- Jake Arrieta- Makes more money than Bryce Harper. Stats and peripherals have declined for five straight years. The Phillies will take anything productive they can get from him at this point.
- Zach Eflin- Take away an awful 62 inning stretch from May 16 to July 27 in 2019 and his ERA was 2.80 over 123 innings. Has dealt with slight injury problems in summer camp so hopefully will be ready for his first start through the rotation.
Projected Bullpen and Arms who will Contribute:
Long Relievers/Potential Starters
- Spencer Howard- The Phillies best pitching prospect since Nola and Cole Hamels before him. Will be pitching for the big league club by the second week of the season after service time manipulation.
- Nick Pivetta- Popular 2019 breakout candidate who disappointed. Still has intriguing raw stuff, but can never put it together for a long stretch. Might be best suited as a fire-man reliever.
- Cole Irvin– Threw between 87-89 mph as a starter and 92-93 as a reliever. Will need to keep velocity consistently in the 90s to be an effective major league pitcher.
- Ranger Suarez– Still has not reported to summer camp after being placed on the COVID-19 IL.
Bullpen Arms- After spending big money on veteran free agent relievers who have not panned out each of the past few years (Robertson, Neshek, Hunter etc) the Phillies are banking on a few of these arms to be remotely average.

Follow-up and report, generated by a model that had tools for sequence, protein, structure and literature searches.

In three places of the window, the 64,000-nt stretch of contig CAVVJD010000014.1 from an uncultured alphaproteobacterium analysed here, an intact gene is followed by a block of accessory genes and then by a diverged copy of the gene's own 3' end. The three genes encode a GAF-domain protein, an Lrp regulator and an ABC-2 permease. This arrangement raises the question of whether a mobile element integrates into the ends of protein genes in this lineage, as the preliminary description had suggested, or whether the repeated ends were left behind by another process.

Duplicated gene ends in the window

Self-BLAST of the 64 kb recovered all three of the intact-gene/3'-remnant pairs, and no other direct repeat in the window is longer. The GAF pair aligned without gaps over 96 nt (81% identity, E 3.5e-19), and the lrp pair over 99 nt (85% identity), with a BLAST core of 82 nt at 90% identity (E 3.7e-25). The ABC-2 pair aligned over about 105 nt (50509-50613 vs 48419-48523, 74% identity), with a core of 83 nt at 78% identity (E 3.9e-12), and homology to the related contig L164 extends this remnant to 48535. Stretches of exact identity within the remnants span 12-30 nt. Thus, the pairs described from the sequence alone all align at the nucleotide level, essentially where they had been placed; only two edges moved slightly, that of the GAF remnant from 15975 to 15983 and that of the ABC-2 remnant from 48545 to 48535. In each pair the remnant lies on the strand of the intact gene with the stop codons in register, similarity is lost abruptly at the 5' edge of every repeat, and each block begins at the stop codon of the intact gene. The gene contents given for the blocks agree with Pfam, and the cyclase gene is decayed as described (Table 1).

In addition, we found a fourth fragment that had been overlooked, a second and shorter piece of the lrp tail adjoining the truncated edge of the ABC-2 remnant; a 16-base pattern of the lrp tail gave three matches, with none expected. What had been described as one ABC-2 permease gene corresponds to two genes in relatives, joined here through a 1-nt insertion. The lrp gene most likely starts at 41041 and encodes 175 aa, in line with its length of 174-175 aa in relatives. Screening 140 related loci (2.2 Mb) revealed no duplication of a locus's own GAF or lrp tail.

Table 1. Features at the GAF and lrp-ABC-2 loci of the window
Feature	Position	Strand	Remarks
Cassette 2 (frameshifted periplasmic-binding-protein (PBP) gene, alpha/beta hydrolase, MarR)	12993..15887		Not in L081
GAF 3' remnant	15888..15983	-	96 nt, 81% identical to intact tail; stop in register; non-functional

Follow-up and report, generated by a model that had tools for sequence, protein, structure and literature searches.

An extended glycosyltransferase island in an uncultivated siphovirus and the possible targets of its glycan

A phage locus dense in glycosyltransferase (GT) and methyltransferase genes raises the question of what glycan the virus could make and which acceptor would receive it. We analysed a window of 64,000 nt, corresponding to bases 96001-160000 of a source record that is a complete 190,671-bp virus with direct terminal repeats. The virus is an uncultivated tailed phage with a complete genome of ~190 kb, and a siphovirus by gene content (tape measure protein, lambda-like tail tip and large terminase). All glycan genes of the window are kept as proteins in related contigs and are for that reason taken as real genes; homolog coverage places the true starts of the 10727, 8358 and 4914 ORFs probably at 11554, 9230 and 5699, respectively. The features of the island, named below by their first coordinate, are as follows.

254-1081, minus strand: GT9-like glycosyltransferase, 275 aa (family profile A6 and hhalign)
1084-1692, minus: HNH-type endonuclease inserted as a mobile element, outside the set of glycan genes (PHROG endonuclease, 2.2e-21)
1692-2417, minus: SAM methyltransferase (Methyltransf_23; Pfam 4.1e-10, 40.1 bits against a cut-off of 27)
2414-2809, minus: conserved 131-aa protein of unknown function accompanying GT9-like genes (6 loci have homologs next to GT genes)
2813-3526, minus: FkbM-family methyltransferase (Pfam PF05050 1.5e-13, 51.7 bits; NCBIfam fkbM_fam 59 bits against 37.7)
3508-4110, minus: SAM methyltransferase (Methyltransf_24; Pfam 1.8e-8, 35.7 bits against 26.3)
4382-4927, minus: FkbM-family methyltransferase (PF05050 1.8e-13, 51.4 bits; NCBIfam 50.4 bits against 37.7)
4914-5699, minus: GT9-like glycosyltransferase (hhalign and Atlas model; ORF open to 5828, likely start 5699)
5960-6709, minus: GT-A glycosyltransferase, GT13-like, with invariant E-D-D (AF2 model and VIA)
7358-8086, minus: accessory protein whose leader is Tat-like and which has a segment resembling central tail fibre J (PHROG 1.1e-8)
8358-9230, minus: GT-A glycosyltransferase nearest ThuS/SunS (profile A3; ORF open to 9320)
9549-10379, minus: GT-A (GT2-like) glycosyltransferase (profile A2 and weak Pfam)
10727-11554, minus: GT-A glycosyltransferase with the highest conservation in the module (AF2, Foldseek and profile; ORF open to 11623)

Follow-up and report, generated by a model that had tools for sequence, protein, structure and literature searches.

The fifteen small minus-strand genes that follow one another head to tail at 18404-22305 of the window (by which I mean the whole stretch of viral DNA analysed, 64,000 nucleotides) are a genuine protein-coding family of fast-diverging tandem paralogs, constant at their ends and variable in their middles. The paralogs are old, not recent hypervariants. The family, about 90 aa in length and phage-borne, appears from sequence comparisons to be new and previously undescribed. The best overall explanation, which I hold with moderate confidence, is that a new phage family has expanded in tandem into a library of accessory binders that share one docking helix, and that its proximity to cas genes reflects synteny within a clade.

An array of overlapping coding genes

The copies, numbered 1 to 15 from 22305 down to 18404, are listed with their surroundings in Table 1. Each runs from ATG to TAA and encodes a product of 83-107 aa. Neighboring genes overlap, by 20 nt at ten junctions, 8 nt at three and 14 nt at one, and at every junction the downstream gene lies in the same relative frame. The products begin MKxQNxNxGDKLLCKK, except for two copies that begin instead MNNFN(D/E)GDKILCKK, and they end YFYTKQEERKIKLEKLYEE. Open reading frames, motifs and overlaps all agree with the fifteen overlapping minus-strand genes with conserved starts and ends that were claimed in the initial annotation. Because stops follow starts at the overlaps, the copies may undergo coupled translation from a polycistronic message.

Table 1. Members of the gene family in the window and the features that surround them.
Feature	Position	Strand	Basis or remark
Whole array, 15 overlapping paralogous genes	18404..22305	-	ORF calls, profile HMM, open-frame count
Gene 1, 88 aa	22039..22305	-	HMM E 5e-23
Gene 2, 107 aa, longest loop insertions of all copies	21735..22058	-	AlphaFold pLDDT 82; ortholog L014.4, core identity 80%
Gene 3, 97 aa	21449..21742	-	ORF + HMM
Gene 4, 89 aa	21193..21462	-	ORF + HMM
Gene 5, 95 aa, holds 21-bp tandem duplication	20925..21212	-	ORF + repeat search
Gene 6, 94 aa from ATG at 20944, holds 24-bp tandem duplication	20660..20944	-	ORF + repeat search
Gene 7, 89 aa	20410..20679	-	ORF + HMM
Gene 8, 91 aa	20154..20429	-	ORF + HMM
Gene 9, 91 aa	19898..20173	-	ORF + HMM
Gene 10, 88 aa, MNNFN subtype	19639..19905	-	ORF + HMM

- Tommy Hunter
- Adam Morgan
- Victor Arano
- Reggie McClain
- Enyel De Los Santos
- Deolis Guerra
- Robert Stock
- Blake Parker
Late inning guys- If either of these guys goes down with an injury, the already thin bullpen could turn into the worst in baseball, which is problematic for a team with postseason aspirations.
- Hector Neris
- Jose Alvarez
Impact of a 60 game season:
In theory, the lay-off should help the Phillies more than hurt. Andrew McCutchen will now be ready for opening day. The implementation of the DH in the national league means regular at bats for Jay Bruce and Alec Bohm once called up. Joe Girardi now can deploy Spencer Howard in the middle of a pennant race without inning limit restrictions. However, the biggest advantage with a shorter season is the increased likelihood of variance for a team that is on the outside looking into the playoffs. This lineup is capable of going on a single hot streak that could be enough to vault them into October baseball.
- Will someone step up as a reliable 3rd starter behind Aaron Nola and Zack Wheeler?
- Does the bullpen have anything besides workhorse Hector Neris and lefty Jose Alvarez?
- Does Joe Girardi’s impact in the clubhouse and experience mean anything compared to former manager Gabe Kapler?
- Can lineup veterans such as Jean Segura, Didi Gregorious, Rhys Hoskins, and Andrew McCutchen revert back to early season 2019 form (or in Didi’s case 2018)?